(approx) 2 Hours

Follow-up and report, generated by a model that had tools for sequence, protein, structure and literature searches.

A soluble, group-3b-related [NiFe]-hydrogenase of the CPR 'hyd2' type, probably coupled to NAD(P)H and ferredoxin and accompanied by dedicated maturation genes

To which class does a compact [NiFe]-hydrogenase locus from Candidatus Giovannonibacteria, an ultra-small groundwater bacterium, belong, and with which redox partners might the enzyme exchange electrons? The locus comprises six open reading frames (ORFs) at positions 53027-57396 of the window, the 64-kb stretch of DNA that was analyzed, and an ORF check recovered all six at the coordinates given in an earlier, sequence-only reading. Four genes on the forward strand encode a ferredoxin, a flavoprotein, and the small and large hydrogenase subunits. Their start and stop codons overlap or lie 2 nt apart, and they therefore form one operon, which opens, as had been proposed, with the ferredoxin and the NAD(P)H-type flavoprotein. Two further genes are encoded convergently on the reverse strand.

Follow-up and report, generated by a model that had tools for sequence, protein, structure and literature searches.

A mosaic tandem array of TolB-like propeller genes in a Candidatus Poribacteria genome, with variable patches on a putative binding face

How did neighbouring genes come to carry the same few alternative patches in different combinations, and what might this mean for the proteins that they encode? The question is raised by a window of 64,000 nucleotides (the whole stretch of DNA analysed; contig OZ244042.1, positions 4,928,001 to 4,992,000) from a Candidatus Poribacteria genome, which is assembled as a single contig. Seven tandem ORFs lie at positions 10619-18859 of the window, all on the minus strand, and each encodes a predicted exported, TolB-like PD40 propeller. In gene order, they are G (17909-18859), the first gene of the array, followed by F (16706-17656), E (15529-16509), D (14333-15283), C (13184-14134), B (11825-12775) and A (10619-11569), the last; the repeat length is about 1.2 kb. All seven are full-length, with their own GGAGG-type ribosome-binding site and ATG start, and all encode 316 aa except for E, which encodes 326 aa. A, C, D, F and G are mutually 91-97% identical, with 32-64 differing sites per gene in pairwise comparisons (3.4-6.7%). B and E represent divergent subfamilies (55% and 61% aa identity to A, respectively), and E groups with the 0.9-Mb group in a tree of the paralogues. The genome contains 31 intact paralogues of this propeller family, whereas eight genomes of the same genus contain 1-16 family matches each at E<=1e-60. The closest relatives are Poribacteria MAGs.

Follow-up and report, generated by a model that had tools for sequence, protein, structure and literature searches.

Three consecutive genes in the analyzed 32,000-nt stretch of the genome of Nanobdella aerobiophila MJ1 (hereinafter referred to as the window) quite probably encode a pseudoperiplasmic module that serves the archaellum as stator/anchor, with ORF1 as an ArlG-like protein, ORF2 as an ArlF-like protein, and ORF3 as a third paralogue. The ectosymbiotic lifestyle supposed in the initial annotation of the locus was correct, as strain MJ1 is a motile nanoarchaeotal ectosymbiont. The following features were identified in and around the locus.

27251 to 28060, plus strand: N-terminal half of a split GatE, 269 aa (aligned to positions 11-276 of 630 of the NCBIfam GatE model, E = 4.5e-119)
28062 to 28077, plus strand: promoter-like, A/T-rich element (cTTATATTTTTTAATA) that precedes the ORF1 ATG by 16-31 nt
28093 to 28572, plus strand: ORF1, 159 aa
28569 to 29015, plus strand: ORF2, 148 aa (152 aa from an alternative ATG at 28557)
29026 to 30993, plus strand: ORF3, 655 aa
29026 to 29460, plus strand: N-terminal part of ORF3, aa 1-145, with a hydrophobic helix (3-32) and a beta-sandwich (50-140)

Light to Moderate mechanical skill required.